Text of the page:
When people fight over worship styles, I think…

Have you ever encountered that person who was convinced that there is only one appropriate way to hang a roll of toilet paper? Perhaps that person is you? If so, imagine that I am slowly backing away; no offense intended.

While people commonly develop preferences about proper toilet paper orientation (72% favor “Over” according to a poll conducted by Cottonelle in 2010), a smaller number obsess over it. 27% of “Overs” admit that the loose end hanging “under” bothers them enough that they will re-hang rolls even when they are guests in another’s home. 24% describe “being annoyed” as the feeling they experience.

overIn my experience, the only thing that really matters is whether the person before you replaces that empty roll they finished just before your emergency visit.

People get weird about worship styles as well. Sometimes we lose perspective and start to imagine that God cares about these things the way we do. At other times, we pretend that the absence of a particular style is the one thing that is keeping us from reaching new people (this is rarely the case). I’ve seen church people get downright ugly about worship that wasn’t how they expected it to be. And sadly I’ve seen well-intentioned leaders become frustrated with younger people who prefer more traditionally stylings (than the ones they’ve struggled to provide). 

In the midst of our preferences, and assumptions about what people want/need, we forget that while different approaches to worship can indeed reach new people, nothing can replace authenticity. And it is hard to authentically worship a God who is there for others when we are always thinking about ourselves.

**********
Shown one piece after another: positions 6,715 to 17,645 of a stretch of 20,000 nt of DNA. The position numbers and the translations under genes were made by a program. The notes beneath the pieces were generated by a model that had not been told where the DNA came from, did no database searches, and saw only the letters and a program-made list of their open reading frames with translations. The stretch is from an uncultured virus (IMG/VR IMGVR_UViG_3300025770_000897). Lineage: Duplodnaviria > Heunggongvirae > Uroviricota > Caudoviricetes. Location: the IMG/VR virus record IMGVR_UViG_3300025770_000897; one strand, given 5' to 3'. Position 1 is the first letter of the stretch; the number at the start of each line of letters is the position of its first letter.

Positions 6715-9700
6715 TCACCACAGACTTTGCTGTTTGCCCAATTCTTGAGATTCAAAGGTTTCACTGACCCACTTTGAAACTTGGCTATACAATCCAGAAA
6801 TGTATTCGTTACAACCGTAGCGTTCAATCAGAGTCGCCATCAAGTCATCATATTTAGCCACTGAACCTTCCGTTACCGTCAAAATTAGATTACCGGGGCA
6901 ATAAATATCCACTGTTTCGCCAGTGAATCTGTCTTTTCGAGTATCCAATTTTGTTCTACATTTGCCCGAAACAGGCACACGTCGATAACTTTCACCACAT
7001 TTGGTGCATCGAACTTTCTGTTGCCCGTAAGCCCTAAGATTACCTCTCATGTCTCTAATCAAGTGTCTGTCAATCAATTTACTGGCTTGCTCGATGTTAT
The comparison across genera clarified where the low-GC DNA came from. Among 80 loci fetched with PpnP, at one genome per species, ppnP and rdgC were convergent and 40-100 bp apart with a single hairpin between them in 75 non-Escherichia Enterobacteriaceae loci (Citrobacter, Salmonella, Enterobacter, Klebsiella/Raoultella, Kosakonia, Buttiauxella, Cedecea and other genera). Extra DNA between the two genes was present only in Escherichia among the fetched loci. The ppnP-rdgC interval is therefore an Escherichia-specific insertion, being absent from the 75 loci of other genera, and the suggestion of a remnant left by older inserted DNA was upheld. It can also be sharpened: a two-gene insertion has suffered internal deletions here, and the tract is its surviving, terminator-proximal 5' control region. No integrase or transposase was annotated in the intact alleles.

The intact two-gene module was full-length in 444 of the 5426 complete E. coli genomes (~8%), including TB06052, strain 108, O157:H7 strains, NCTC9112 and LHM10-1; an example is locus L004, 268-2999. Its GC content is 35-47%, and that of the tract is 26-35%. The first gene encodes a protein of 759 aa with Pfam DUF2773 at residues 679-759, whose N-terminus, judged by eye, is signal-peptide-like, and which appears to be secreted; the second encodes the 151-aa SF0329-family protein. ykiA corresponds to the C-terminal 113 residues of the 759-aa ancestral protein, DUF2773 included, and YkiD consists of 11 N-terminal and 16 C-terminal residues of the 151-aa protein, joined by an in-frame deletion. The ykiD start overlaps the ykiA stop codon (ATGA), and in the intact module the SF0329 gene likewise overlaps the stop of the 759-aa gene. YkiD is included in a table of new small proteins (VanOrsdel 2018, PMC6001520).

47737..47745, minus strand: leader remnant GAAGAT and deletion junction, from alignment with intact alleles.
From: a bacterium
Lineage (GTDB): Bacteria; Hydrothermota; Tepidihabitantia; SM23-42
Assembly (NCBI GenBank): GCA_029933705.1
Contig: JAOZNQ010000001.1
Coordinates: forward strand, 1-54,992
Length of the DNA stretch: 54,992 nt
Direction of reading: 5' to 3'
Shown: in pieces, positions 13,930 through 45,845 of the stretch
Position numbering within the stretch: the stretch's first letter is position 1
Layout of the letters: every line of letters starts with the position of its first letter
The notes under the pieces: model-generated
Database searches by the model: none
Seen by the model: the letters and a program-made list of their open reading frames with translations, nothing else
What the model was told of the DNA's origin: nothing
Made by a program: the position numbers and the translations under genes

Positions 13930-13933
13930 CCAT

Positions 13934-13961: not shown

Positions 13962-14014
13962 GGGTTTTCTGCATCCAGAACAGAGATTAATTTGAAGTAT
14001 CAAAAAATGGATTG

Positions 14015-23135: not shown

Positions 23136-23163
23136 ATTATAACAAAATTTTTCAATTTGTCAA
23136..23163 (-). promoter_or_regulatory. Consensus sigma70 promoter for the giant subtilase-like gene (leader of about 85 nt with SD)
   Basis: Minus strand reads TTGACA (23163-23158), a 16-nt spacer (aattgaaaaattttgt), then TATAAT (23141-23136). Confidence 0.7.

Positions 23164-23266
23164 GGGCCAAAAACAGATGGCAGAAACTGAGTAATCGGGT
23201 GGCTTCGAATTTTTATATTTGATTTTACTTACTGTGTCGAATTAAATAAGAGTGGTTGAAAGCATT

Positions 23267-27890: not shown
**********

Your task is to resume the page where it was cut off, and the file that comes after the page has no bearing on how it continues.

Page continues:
In idolizing a particular worship style we miss the point and along the way we risk losing the purpose. And in designing something for another, who isn’t really a part of the planning, we always chance missing the mark. That doesn’t mean that we shouldn’t have our preferences, or conversely never try new things, but in both we need to be truly open to the other (and not just for the sake of our survival).

Now hear the good news! Our God is big enough to use any worship style to help us to wipe the $#!t from our lives!

May we all grow more comfortable with difference while we work hard to keep it all in proper perspective. There is always good work for God’s church to accomplish; the orientation of our approach matters far less than if we are running on full or empty.

Author Info

Patrick Scriven

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I'm a husband who married well, a father of three amazing girls, and a seminary educated lay person working professionally in the church.

Image Credit: “Over” & “Under” orientations by Wikimedia user Elya, CC BY-SA 3.0. Text added.